Baroque pearl in southeastern Sicily
Scicli is a small Baroque gem in southeastern Sicily. The town, declared a UNESCO World Heritage Site in 2002, is now famous for its admirable Baroque architecture, “Montalbano’s places” and many folkloric festivals
The center of Scicli spreads out over a valley looking toward the sea. In the past it was perched on St. Matthew’s Hill on which the church of the same name, the city’s icon, is still visible today. After the 1693 earthquake, the settlement abandoned the hill, developing in less impervious spaces, following the late Baroque aesthetic. The result is a picturesque old town that develops around Piazza Italia, along the winding Via Francesco Mormina Penna, between the quarries of Santa Maria La Nova and San Bartolomeo and the streams of the same name, now partly covered and not visible.
Via Francesco Mormina Penna, with its gleaming basalt tiles, is the city’s living room. Elegant palaces and Baroque churches alternate along the pedestrian street in an enchanting setting. Here many will recognize the Vigata police station, one of the main television locations of Il commissario Montalbano. From Scicli to Vigata is a very short step: inside the Town Hall is the real set of the police station and the office of the Quaestor of Montelusa, originally the Mayor’s office
Among the municipalities in the province of Ragusa, Scicli has the largest coastline. Along the more than 20 kilometers, large sandy beaches alternate with gentle cliffs rich in Mediterranean scrub. The main hamlets on the coast are Donnalucata, the largest and most inhabited; Sampieri, with a very long beach ending with the striking Fornace Penna, known by many as Montalbano’s Mannara; Cava D’Aliga with its bay; and Playa Grande with the Irminio reserve.
Piazza Italia is the largest square in Scicli. From the bottom of the square you can see the old Mother Church of St. Matthew and the present Mother Church, dedicated to St. William. Inside is the unmissable statue of Our Lady of the Militia, the warrior Madonna of Scicli
Between the rocky ridges of the St. Matthew and Cross hills stands the extraordinary St. Bartholomew's Church, one of the most interesting Baroque churches in the city. The church is also rich in treasures inside, including an 18th-century nativity scene.
The palace is one of the most unique Baroque buildings in Sicily. It has a special corner position: the cantonment decorated with ashlars resembling diamonds acts as a hinge between the two facades. The irreverent masks, scenic balconies, and ornate corbels make it one of a kind.
The square is dedicated to the greatest benefactor Scicli has ever had: Pietro di Lorenzo Busacca, whose statue dominates the square. The square is surrounded by elegant palaces, the former convent and the Church of Our Lady of Mount Carmel, a monumental complex in the Rococo style.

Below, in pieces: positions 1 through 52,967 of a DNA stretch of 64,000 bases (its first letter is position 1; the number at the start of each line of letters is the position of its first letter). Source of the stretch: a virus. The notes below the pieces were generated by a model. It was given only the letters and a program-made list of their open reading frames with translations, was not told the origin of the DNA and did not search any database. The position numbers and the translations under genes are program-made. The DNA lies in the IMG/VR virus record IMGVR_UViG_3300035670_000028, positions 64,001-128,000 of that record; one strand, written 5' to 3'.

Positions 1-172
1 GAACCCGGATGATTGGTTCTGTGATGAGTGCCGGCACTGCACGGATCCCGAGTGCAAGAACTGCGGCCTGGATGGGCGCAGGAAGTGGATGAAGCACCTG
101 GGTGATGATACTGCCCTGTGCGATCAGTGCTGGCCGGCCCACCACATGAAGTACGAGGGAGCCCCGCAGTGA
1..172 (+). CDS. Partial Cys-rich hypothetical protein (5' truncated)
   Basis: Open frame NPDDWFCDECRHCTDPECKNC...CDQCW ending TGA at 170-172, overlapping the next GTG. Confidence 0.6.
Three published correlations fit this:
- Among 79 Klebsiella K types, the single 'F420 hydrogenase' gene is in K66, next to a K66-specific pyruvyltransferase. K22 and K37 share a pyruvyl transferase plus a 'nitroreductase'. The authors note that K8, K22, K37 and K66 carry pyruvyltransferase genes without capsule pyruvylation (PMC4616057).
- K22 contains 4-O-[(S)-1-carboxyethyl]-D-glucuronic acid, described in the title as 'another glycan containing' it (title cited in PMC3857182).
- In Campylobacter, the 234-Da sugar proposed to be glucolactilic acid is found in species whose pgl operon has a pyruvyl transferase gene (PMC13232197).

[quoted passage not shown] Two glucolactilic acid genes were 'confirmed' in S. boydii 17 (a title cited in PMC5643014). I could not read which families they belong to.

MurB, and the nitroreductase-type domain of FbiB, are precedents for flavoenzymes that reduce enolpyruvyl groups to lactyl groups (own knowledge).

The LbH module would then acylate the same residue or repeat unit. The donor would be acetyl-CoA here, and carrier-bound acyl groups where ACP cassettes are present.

The church of Santa Maria La Nova is the largest in Scicli and is located in the Cava of the same name. The classical forms of the elevation show us the transition between Baroque and Neoclassical cultures. Inside is housed the statue of the Risen Christ, which Sciclians call 'u Gioia. The statue is the protagonist of the highly followed Easter celebration.
On St. Matthew's Hill, the church dominates the city and is an important landmark, visible from almost all of downtown. Destroyed by the 1693 earthquake, it was rebuilt but never completed, so much so that today it stands as a magnificent unfinished building. From the churchyard there is a beautiful view of the city and a view of the sea.
The church and convent are located on the hill of the Cross. The building was not completely destroyed by the 1693 earthquake and today it is one of the few vestiges of 16th-century architecture in Scicli. Articulated around two cloisters, it is a richly evocative museum space. From here you can admire Scicli, from multiple vantage points.
It is undoubtedly the most important and lively street in the city. There are three churches distributed along the street: the church of St. Teresa, with a sober façade and ornate interior; the church of St. Michael, with an elegant Baroque façade; and the church of St. John, which houses a curious painting of a Christ in Gonnella, the Christ of Burgos. Among the buildings, the eighteenth-century Spadaro Palace and the nineteenth-century Bonelli-Patané Palace, which combines neo-Renaissance elements with Art Nouveau interiors, as well as the Antica Farmacia Cartia, dating from 1902, are surprising. Finally, all fans of Salvo Montalbano will not fail to recognize the Vigata police station, set in the Scicli town hall building.
Find out about upcoming events in Scicli: religious festivals, exhibitions, festivals, concerts, theater performances, food and wine events, and sporting events